Huge icelandic volcano might erupt

Scientists monitor condition of one of Iceland's volvanoes

August 22, 2014

Earthquake swarms are shaking up a large ice-capped volcano in Iceland, raising worries of an eruption that could trigger flooding and send ash clouds into the atmosphere.

Back in 2010, Iceland’s Eyjafjallajökul volcano erupted, spewing ash for miles into the air and causing widespread chaos. Airlines around Europe shut down for six days, for fear the volcanic ash could harm jet engines. Millions of passengers were left stranded.

Now there’s another big volcano in Iceland making ominous noises. Bárđarbunga is part of a volcano system underneath a massive glacier in the center of the center of the country. Since Saturday, seismologists have detected some 3,000 earthquakes in the region- a sign that magma may be on the move.

Bárđarbunga volcano is the country’s second highest mountain at 6,560 feet. It lies in the remote central region of Iceland under the largest glacier, Vatnajökull. The ice above the volcano’s central caldera is about 2,300 feet thick.

So far, there’s no sign that the magma is migrating upward- and it’s entirely possible the volcano won’t erupt at all- but Iceland is currently on high alert. On August 21, the Icelandic Meteorological Office (IMO) said there are “no measurements to suggest that an eruption is imminent,” but can’t yet rule out an eruption either. Authorities are evacuating the surrounding areas just in case.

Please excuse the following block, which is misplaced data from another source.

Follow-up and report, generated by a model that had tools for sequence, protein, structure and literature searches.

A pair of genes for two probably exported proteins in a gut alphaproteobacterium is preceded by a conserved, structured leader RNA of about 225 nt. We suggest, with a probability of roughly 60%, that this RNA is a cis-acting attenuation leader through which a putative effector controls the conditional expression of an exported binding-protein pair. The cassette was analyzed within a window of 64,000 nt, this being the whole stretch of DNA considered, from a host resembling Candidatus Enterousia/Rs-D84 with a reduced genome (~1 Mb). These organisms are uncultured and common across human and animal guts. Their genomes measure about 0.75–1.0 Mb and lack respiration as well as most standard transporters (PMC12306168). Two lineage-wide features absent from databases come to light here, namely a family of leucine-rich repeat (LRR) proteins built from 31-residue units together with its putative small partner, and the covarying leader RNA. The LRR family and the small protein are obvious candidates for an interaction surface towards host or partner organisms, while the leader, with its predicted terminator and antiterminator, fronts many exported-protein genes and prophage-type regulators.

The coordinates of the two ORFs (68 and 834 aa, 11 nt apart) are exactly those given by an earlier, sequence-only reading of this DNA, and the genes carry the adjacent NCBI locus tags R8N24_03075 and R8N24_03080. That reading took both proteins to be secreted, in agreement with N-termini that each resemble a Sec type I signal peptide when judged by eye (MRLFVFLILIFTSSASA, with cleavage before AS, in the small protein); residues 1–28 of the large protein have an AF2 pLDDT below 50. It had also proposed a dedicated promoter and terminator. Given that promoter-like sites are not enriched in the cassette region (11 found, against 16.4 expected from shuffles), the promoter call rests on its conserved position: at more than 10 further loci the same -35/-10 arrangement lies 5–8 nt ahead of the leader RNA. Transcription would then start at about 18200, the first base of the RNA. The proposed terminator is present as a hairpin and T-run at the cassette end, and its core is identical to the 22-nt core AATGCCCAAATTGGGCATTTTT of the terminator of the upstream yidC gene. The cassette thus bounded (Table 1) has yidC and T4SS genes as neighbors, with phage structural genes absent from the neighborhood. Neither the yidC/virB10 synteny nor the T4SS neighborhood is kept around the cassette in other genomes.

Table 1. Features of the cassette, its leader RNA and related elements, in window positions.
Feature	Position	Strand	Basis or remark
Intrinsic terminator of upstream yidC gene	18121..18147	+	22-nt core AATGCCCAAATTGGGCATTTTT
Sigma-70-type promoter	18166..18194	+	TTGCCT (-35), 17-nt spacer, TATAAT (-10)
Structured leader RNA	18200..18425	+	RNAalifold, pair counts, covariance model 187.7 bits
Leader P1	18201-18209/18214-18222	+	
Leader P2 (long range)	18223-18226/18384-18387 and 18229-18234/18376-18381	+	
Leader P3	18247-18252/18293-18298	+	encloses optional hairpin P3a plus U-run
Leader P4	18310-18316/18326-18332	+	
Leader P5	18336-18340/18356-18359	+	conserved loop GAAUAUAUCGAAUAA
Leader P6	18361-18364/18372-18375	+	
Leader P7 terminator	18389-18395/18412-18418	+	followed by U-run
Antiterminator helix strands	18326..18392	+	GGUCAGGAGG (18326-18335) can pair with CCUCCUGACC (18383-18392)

No one lives near the volcano, but with nearly one temblor striking per minute, officials have evacuated tourists from the area north of it, where floodwaters would flow. The officials have also elevated air travel warnings to “orange” levels, which they define as meaning the “volcano shows heightened or escalating unrest with increased potential of eruption.”

An eruption’s not yet a certainty. The IMO is insisting that they haven’t yet seen any sign that magma is moving toward the surface. So far, all the activity has remained 3 to 7 miles underground-- that is, the magma still appears to be moving horizontally. The agency is continuing to monitor the situation.

Dave McGarvie, a researcher who works on Icelandic volcanoes, explains there are a couple of ways that things could unfold. One, it’s possible that nothing could happen, and the magma will simply remain beneath the surface. Alternatively, perhaps there will be a minor eruption that doesn’t penetrate the glacier—that would cause lots of flooding, but it might not spew much ash in the air.

Finally, McGarvie notes, we could see a really big eruption that breaks through the ice. A lot depends on where, exactly, the eruption occurs, what form it takes, and how thick the ice above the eruption is.

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